Now that Gay Byrne has dropped out of the race for the Presidency, there is a groundswell of support emerging for another of Ireland’s favourite sons, Micheal O’Muircheartaigh.
The genial Kerryman refused to rule himself out of the running and is quoted in the ‘ Irish Independent’ as saying that he will decide on whether he should enter the race to become the next president of Ireland in the coming days.
“I haven’t ruled out anything but even at the dogs (greyhound track) last night I almost left with the number of people that were saying it to me,” he said yesterday. “I will give it a bit of consideration but it’s a major undertaking,” the 80-year-old added.
After withdrawing his own candidature came an an endorsement for the Kerry native from fellow broadcaster Gay Byrne . Mr Byrne said he would back O’ Muircheartaigh as a candidate since he is “probably the most popular man in Ireland”.
After watching Tipperary beat Dublin in the All-Ireland hurling semi-final with his daughter Doireann yesterday, Mr O’ Muircheartaigh said he will consider his options this week as he spends time with his family in Dun Sion, Dingle.
“I won’t spend too much time, usually when I give something a thought I make a decision (but) I have never been involved in a thing like this and it was never my intention,” he said.
He agreed that public view on whether he should run “could be a swaying factor”. “I’ve been among the people always, and I know a lot of people everywhere, and quite a few of them have been (encouraging).”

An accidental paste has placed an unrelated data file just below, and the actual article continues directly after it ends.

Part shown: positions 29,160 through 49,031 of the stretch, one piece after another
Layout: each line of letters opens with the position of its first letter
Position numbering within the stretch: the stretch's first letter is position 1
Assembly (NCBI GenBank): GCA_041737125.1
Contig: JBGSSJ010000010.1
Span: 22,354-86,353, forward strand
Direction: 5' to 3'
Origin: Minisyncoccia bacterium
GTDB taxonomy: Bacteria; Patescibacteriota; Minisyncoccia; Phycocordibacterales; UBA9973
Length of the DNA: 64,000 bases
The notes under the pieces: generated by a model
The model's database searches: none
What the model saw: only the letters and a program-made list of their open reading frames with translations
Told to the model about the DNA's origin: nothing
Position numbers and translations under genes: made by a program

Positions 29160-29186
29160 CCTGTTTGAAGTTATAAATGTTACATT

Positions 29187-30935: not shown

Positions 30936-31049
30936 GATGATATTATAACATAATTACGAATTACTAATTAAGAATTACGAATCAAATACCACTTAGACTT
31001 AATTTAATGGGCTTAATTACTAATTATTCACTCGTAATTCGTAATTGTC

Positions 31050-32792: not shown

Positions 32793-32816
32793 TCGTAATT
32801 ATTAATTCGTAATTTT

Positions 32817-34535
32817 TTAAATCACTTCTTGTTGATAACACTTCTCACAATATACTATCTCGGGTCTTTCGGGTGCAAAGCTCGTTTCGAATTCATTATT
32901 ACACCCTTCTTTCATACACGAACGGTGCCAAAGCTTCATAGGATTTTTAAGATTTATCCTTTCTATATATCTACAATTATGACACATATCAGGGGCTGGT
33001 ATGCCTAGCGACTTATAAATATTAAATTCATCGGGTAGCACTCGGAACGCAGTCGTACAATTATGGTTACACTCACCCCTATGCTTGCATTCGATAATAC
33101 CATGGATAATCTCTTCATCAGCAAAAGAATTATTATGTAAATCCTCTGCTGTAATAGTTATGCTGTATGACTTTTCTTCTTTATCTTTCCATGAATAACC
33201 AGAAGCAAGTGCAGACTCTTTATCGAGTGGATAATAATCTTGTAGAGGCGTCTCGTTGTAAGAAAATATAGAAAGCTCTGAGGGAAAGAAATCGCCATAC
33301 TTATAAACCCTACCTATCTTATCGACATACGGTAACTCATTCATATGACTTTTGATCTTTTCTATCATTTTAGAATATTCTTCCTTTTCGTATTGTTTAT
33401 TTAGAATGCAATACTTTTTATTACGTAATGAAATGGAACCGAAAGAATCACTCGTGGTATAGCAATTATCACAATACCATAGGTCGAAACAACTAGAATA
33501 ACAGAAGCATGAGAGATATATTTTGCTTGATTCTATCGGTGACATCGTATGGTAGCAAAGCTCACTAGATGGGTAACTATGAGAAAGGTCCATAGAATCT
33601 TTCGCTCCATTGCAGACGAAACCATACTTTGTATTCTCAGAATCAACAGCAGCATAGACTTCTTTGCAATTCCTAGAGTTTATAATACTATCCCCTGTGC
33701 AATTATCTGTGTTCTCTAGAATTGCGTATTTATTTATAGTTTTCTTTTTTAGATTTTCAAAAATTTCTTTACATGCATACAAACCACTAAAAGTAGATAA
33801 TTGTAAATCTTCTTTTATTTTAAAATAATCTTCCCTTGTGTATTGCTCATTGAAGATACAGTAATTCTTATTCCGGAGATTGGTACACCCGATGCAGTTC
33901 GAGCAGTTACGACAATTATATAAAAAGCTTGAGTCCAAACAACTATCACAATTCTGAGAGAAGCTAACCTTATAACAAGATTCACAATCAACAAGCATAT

Despite appeals from more than one political party, he indicated that if he did decide to run, he would reluctant about doing so with party-political backing.
“I was never associated with politics and I stayed clear of politics. I’ve been broadcasting for over 62 years on the basis that all shades of political opinion are involved in all sports.”
O’Muircheartaigh has in fact had much media support over the past 12 months and has been encouraged to enter the race for the Aras by other media commentators too. Almost a year ago the Herald encouraged him to seek nomination with this endorsement then:
“As he announces his retirement (from GAA broadcasting duties), a plethora of genuine tributes are being paid to the man so well rounded in his life experience and full of worthy values and wisdom, that he would be an excellent President of Ireland.
This is about experience, values and depth, something we should demand in a President. He is a teacher and a listener. He has travelled the length and the breadth of the country to talk to people and listen to them, almost like it was his job or ministry. They are his friends. He loves the Irish language, loves sport with a passionate intensity that is exhilarating to all.
As a Kerryman, he would have the shrewdness needed for public office but also the gentleness of the true country gentleman who is also at home among city folk.
Public speaking wouldn’t be a problem; his voice is instantly recognisable and he can tell a story, using words to paint pictures and he was reaching out to the Diaspora long before Mary Robinson lit a candle in the window of the Aras.
He has other values too that are vital — a deep knowledge and respect for Irish history, a reference point for a society that feels cut adrift from modern institutions whether they be political, economical or religious.
He is a man who doesn’t drink but is comfortable among drinkers with his immense social skills and networking abilities. He represents what is best in the Christian tradition in Ireland but is not known for wearing it on his sleeve.
Micheal is intelligent and gentle of spirit. He has a wonderful wit and sense of fun and God knows we need to laugh in this country if we are going to make it at all.”